Jiu-jitsu Month 34

(2024-05-01 10:54:08) 下一個

1. Accept

The four-day a week routine has suited me well. I grapple two days and take a

break. Often I feel I could do more, sometimes I feel I could take another day

off, but I choose to stick to the plan. The muscles and joints hurt more or less

every night but by noon, I would have recovered. The hardest is to get up and

right away do sun salutations and toe-to-the-bar ab curls. Before 40, I could

never imagine such a life--daily pains from training--as I studied and worked

hard in academics to stay away from manual labor. 10 years later, my art

stresses every part of the body and I don't regret one bit.


I used to feel ashamed when someone pointed out my flaws or I couldn't perform

as I expected. The other day, Adam said in front of all, half-jokingly, that I was

stubborn and rigid and needed to relax when he used me to demo in his class. I was

one step behind when he asked me to call the reps in warm-up. I could have

instantly retreated to my pet excuse: I was not born here. But I no longer felt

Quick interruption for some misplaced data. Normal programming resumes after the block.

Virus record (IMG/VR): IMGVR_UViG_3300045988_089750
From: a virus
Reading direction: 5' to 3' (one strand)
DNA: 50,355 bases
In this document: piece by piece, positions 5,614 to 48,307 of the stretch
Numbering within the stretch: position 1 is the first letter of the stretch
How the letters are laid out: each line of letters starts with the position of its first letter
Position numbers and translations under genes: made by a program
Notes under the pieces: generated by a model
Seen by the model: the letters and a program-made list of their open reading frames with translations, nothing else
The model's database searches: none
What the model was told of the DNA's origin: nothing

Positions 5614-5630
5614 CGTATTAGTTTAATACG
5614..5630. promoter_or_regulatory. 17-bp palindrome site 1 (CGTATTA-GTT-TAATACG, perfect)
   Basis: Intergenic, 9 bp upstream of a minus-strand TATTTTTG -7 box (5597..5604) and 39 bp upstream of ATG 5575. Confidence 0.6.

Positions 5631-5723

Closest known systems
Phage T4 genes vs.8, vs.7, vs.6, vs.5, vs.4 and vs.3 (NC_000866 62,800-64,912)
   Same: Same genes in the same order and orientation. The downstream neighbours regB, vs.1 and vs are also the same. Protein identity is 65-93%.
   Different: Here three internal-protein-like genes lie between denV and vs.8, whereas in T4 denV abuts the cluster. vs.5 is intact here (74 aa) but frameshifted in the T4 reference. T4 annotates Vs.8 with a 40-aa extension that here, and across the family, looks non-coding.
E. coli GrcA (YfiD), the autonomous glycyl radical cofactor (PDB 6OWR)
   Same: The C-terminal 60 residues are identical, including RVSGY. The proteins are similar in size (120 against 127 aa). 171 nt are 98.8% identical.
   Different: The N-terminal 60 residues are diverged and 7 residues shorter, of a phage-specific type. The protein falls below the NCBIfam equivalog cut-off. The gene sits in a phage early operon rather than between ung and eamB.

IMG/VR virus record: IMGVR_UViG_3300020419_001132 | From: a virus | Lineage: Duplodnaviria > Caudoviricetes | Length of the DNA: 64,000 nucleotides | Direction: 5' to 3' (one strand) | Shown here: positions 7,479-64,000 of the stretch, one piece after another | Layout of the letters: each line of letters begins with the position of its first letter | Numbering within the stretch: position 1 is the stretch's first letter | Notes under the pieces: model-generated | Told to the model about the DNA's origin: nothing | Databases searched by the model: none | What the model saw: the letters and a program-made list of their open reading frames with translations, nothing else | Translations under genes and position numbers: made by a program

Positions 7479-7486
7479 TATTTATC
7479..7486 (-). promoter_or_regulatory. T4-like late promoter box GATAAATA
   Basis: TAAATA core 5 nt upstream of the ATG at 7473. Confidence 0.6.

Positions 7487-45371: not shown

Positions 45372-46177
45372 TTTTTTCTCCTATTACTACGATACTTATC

the need to defend, justify, or explain myself. I even felt amused.


I read a tagline the other day on Facebook: "I'll never fit in. That's my best

qualities." But it seems my gym has already accepted me. Most folks are friendly

and gladly spar with me. Some even said they loved my patched gi. Besides the

occasional superficial bumps, I never hurt a partner. I struggle longer before

tapping but that provides accurate feedback. I'm rigid and that's why I come

to train.


I've accepted who I am. I actually feel proud.


2. Canadian Chris Taught

A few half-guard bottom moves taught by Canadian Chris left an impression.

Simply by inserting the hook opens up options depending on the opponent's move.

If he's cross-facing, I can redirect, insert the hook, block the knee, and

sweep. If he's under-hooking, I can overhook, get on my elbows, insert the foot

hook, bait, trap his other arm, and sweep. With Aikido Chris, I drilled all these

moves and the hitchhiker escape.


When we sparred a week later, he choked me from bottom. I thought it was a

cross-collar choke and tried to defend with my push-and-pull choke. But it was

different and I passed out for one or two seconds! It was amazing. I asked a

couple of days later and he showed me how it was done: with one thumb-in grip

deep in the collar and another so-so grip on the other lapel. It was like a

paper-cutter choke only from the bottom.